In December, 1938, working at the Kaiser Wilhelm Institute in Berlin, chemists Otto Hahn and Fritz Strassman found that uranium, when bombarded by neutrons, split into two small, almost equal fragments, a process that came to be called nuclear fission. This transformation was completely unexpected – the atomic nucleus was thought to be relatively stable. While physicists had bombarded elements with neutrons since the discovery of the elementary particle in 1932, all they had seen was the chipping off or building up of nuclei into elements one or two places above in the periodic table; the breaking up of uranium into much smaller elements like barium and xenon was stunning. When Hahn wrote his colleague Lise Meitner – an Austrian Jewish physicist in exile in Sweden – and her nephew Otto Frisch about this result, the two physicists prophetically figured out on a hike that the process would release energy that could be explained by Einstein’s famous equation, E =mc^2. When uranium breaks up, the two resulting pieces weigh slightly less than the parent uranium – that tiny difference in mass translates to a huge difference in energy according to Einstein’s formula. How huge? Several million times more than in the most energetic chemical reactions. Read more »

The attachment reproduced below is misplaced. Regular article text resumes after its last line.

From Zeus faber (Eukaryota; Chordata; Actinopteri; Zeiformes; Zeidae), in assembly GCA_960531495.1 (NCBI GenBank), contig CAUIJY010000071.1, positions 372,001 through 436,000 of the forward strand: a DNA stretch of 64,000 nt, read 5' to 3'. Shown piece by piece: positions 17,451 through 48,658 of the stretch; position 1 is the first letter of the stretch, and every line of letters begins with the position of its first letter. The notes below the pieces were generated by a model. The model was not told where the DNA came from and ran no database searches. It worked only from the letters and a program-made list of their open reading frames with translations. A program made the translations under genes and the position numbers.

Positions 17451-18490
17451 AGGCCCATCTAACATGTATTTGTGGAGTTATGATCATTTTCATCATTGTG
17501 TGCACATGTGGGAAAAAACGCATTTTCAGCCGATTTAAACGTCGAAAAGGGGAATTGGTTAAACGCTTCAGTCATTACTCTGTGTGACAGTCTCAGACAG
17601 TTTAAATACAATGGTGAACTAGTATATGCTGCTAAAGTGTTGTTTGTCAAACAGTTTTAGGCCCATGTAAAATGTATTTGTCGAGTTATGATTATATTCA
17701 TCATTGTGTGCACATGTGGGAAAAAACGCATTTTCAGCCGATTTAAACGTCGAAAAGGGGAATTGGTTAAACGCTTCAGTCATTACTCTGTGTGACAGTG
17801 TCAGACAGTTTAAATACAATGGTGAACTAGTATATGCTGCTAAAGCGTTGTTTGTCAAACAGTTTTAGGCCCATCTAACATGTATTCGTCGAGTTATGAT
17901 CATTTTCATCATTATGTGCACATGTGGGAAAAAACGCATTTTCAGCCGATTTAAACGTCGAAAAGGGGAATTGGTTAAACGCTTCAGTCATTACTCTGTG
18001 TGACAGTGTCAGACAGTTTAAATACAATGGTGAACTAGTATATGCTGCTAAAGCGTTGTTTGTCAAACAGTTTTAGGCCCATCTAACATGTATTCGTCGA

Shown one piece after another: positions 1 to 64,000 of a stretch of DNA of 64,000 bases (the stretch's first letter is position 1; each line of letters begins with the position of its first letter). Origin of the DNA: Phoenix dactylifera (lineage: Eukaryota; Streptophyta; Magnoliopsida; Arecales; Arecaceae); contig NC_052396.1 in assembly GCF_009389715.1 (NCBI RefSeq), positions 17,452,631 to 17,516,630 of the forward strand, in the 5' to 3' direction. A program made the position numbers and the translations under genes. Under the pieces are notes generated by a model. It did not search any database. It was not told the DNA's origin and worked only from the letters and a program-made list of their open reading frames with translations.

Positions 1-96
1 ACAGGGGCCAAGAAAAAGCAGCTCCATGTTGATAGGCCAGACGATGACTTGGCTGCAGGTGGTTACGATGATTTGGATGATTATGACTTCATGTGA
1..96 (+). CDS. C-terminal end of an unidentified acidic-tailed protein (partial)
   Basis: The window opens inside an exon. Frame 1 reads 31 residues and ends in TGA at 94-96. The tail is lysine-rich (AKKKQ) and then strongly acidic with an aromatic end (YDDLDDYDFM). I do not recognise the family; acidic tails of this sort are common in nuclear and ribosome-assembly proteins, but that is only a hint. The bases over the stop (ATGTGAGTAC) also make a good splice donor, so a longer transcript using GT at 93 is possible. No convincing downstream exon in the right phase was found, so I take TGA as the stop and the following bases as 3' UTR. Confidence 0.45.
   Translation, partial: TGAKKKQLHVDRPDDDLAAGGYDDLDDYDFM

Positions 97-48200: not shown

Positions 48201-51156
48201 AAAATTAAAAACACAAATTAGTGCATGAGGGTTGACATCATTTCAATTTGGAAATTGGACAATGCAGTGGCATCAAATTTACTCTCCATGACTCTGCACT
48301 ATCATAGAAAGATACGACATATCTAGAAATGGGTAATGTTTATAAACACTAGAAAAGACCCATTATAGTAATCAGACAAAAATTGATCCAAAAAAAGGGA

This is the fourth in a series of posts about J. Robert Oppenheimer’s life and times. All the others can be found here.
Robert Oppenheimer, said Hans Bethe, “created the greatest school of theoretical physics America has ever known.” Coming from Bethe, a physicist of legendary stature who received the Nobel Prize for figuring out what makes the stars shine and who published papers well into his nineties, this was high praise. Before Oppenheimer, it was almost mandatory for young American physics students to go to Europe to study at the feet of masters like Bohr or Born. After Oppenheimer brought back the fire from the continent, they only had to go to California to bask in its glow. Today, while Oppenheimer is most famous as the father of the bomb, it is very likely that posterity will judge his creation of the American school of modern physics as his most important accomplishment.
When he graduated from Göttingen with his Ph.D. in 1927, Oppenheimer’s reputation preceded him. He received ten job offers from universities like Harvard, Princeton and Yale. He chose to go to the University of California, Berkeley. There were two reasons that drew him to what was then a promising but not superlative outpost of physics far from the Eastern centers. Berkeley was, in his words, “a desert”, a place with enormous potential but one which did not have a flourishing tradition of physics yet. The physics department there had already hired Ernest Lawrence, an experimentalist who would become, with his cyclotron, the father of ‘big science’ in the country. Now they wanted a theorist to match Lawrence’s experimental acumen. Oppenheimer who had proven that he could hold his own with the most important physicists in Europe was a logical choice. Read more »
This is the third in a series of posts about J. Robert Oppenheimer’s life and times. All the others can be found here.